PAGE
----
by the Office of NOAA Corps Operations
has been a respected ship name within the United States Coast and
Geodetic Survey and today's National Oceanic and Atmospheric Administration
for close to a century. This name was meant to convey the spirit of
the vessel and its work.
Coast and Geodetic Survey Ship PATHFINDER in the Philippines
in the early 1900's. This was the first PATHFINDER.
PATHFINDER was built at Crescent Shipyard in Elizabethport, New Jersey,
and launched December 7, 1898. It was a three-deck steel vessel with
fifteen water-tight compartments, was 196 feet 3 inches overall, 33
feet 6 inches beam, drew 13 feet when fully loaded, and was powered
by 4500 feet of canvas and a triple-expansion steam engine capable
of 1,173 horsepower. The vessel cruised between 11 and 13 knots. This
vessel had been designed for operating in the Aleutian Islands.
1, 1899, the PATHFINDER sailed from the shipyard with a Coast and
Geodetic Survey officer in command and a crew of 65 Navy enlisted
personnel. The ship proceeded to the West Coast via the Straits of
Magellan and arrived in San Francisco on September 17 after many port
calls along the way. Its first work was in the Hawaiian Islands in
the winter of 1899-1900. The 1900 and 1901 working seasons were spent
in the Aleutians, but because of the urgent need for up-to-date charts
in the recently acquired Philippine Islands, the PATHFINDER was ordered
to Manila following the 1901 field season. The ship sailed directly
to the Philippines from Dutch Harbor, Alaska, which must have been
quite a surprise to the crew. The first PATHFINDER spent most of the
next 40 years charting the waters of the Philippines until it was
finally lost as a result of a Japanese bombing raid in late 1941.
At that time, it was sailing under the name RESEARCH, which it had
been named after a period of inactivity in the 1930's.
PATHFINDER was under construction at Lake Washington Shipyards in
Seattle, Washington, at the outbreak of WWII. The keel was laid on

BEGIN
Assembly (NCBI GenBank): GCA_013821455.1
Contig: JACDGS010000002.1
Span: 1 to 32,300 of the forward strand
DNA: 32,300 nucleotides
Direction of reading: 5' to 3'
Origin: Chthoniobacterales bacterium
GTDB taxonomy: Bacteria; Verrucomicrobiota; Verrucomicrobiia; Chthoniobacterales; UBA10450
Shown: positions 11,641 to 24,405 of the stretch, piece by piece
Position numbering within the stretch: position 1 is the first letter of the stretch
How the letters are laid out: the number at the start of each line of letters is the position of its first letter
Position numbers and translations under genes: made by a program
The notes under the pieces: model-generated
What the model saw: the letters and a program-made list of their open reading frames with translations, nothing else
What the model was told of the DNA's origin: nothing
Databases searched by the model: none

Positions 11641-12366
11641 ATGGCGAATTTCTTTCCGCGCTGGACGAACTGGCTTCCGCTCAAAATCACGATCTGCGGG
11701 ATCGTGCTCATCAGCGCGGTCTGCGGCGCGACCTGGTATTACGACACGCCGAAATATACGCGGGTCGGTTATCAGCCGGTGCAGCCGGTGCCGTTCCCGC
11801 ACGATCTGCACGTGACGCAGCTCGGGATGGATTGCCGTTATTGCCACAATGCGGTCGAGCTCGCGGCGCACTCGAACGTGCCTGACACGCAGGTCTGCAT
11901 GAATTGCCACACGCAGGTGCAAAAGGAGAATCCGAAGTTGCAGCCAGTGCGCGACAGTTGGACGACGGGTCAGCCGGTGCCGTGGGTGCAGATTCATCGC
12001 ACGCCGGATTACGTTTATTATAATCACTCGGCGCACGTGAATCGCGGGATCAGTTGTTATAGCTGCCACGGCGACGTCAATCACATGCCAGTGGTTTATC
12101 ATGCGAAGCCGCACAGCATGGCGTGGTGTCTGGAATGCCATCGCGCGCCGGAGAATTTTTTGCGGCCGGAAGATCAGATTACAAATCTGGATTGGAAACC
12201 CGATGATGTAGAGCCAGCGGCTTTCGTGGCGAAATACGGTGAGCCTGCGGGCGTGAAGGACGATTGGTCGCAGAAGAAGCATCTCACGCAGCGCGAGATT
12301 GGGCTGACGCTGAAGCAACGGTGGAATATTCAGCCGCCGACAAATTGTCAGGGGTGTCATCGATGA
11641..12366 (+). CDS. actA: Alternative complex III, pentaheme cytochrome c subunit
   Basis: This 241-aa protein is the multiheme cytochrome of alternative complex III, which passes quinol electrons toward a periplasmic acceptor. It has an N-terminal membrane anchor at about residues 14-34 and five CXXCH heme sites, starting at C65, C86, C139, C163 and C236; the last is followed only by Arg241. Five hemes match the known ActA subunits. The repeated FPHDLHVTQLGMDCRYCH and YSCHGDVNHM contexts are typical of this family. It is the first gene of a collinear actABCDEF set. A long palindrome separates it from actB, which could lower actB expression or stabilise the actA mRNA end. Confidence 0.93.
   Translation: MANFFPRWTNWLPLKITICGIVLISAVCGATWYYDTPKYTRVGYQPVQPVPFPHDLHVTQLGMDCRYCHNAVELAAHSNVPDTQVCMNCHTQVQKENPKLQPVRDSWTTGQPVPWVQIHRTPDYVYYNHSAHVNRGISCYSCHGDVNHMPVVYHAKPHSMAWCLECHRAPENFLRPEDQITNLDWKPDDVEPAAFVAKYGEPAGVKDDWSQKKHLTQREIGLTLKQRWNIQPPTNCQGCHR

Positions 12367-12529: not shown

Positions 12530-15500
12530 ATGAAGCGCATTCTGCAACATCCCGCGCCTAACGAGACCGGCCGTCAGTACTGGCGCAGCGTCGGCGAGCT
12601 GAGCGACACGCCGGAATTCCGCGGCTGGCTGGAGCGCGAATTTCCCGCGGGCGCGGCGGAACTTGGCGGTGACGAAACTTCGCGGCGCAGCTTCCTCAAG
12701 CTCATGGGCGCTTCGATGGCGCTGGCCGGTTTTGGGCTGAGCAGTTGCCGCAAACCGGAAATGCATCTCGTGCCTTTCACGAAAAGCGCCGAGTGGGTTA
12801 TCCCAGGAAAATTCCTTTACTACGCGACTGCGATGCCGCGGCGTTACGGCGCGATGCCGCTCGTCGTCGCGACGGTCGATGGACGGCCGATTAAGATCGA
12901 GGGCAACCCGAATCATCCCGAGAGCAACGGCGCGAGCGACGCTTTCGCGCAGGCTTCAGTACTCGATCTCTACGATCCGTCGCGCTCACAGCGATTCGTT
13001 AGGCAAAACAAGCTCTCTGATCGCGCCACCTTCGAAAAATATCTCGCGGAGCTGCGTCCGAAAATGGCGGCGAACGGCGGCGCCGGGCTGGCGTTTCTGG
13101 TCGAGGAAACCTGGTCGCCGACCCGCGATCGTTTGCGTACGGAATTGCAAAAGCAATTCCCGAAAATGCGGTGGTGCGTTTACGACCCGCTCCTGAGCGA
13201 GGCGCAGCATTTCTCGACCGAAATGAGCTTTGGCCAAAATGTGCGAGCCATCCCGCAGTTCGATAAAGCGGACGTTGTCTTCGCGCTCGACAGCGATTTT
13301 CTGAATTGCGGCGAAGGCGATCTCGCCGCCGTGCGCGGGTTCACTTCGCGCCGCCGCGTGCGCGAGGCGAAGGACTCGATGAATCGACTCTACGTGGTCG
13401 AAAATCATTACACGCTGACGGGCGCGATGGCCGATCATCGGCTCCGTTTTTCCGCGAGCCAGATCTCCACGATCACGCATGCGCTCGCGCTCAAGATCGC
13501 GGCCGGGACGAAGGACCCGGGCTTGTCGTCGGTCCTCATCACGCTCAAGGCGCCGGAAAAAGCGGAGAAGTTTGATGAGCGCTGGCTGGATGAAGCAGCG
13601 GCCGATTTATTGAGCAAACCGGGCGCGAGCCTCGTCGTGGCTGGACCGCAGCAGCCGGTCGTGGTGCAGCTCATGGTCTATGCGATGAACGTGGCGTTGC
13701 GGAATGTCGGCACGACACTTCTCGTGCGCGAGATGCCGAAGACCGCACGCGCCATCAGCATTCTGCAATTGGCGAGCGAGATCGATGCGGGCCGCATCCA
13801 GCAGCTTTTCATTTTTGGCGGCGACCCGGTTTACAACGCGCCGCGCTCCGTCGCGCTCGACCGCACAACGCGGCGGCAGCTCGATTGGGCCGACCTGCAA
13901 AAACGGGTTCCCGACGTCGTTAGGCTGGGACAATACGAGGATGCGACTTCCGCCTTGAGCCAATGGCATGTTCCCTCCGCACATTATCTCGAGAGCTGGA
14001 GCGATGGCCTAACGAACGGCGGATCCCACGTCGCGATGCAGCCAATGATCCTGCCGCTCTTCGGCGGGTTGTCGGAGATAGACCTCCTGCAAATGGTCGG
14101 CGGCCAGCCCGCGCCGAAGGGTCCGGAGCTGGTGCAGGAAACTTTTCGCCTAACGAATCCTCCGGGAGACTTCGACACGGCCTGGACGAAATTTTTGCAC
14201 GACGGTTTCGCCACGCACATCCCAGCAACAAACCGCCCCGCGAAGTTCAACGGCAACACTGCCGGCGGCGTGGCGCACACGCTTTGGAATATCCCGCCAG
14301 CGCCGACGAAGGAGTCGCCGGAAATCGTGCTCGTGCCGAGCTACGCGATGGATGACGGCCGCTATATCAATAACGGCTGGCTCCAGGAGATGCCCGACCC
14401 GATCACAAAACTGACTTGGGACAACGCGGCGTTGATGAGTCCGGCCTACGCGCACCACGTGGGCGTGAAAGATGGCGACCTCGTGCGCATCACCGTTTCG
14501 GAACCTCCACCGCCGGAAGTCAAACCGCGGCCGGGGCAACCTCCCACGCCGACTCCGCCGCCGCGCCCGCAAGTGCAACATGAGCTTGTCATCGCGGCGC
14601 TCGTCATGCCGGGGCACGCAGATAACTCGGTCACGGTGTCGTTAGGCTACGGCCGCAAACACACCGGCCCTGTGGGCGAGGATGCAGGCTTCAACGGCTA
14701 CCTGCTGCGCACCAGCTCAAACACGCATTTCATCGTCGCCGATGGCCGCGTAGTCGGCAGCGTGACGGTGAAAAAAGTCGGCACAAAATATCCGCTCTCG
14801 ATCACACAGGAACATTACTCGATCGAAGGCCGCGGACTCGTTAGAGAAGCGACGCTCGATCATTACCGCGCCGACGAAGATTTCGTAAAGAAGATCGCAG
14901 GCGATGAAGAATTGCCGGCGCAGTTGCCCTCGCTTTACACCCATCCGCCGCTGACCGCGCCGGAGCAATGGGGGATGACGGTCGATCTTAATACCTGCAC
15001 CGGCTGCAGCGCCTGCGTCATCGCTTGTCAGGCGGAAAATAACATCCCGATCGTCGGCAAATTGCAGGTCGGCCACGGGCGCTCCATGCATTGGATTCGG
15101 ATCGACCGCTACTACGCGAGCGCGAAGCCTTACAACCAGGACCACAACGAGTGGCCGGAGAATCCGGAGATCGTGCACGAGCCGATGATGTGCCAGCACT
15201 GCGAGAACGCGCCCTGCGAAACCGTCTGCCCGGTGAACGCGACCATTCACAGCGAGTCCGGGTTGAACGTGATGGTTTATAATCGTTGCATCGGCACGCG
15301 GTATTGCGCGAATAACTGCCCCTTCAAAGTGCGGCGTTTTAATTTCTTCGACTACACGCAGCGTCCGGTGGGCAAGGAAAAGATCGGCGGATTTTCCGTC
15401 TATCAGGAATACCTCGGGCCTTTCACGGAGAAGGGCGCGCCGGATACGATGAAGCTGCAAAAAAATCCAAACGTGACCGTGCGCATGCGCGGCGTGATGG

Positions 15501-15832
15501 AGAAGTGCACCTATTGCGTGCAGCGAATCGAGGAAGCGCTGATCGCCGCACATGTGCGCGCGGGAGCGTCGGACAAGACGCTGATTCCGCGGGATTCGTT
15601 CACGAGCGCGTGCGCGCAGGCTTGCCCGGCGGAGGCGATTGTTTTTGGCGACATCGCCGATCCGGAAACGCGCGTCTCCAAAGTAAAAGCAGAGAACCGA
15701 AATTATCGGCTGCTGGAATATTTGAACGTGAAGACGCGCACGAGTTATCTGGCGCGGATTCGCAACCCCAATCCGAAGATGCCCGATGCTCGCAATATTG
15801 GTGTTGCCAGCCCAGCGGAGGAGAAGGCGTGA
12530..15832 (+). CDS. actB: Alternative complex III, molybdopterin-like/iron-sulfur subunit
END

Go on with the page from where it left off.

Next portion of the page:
February 20, 1941, and the ship launched on January 11, 1942. Shortly
after launching the ship was transferred to the Navy for wartime use.
The second PATHFINDER was 229 feet in overall length, 39 feet in breadth,
had a loaded draft of 15 feet, and displaced 1,900 tons when fully
loaded. It was single screw, steam turbine powered, and capable of
generating 2000 shaft horsepower with a maximum speed of 15 knots.
was commissioned on August 31, 1942, and served in the Pacific war
from Guadalcanal to Tokyo Bay. Following the war, the vessel was returned
to the United States Coast and Geodetic Survey where it served until
1971 conducting surveys off Alaska, Hawaii, and the West Coast of
the United States. The following are personal accounts and historical
compilations of the illustrious career of the second PATHFINDER.
My office has been engaged in chronicling the history of NOAA Corps
and its ancestor organizations. In doing so, the theme of kinship
of NOAA Corps with the Naval community is encountered time and again.
In particular, our kinship with the Naval Meteorology and Oceanography
Command is striking. As such, on the occasion of the Change of Command
and Relieving Ceremony of the Naval Meteorology and Oceanography Command
on board the USNS PATHFINDER (T-AGS 60), it is appropriate to share
an outstanding example of that kinship and cooperation. The example
that I have in mind is the saga of the USS PATHFINDER (AGS-1), also
known as the USC&GSS PATHFINDER (OSS 30.)
I directed my
staff to compile personal histories, official accounts, and non-official
published accounts of the PATHFINDER (this was the second C&GS
ship of that name; and, the vessel on which I served my first sea
duty) for compilation into a volume which I could share with our fellow
officers, scientists, technicians, and vessel operators of the Naval
Meteorology and Oceanography Command (NMOC). This resulting compendium
of PATHFINDER lore is primarily directed towards the WWII exploits
of the USS PATHFINDER, but it also traces the career of the vessel
through to its final decommissioning.
My wish is that
the USNS PATHFINDER have as an illustrious career as its namesake.
May the name PATHFINDER always evoke images of cooperation between
our organizations, thoughts of perils shared and hard work accomplished
together, and a reminder of our similar heritage.
are extended to Rear Admiral Paul G. Gaffney on the assumption of
command of NMOC. Likewise, I congratulate Rear Admiral John E. Chubb
for his conclusion of a successful tour of duty as the outgoing Commanding
Officer of NMOC and wish him well in his retirement.
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Rear Admiral Sigmund R. Petersen, NOAA
Director, NOAA Corps Operations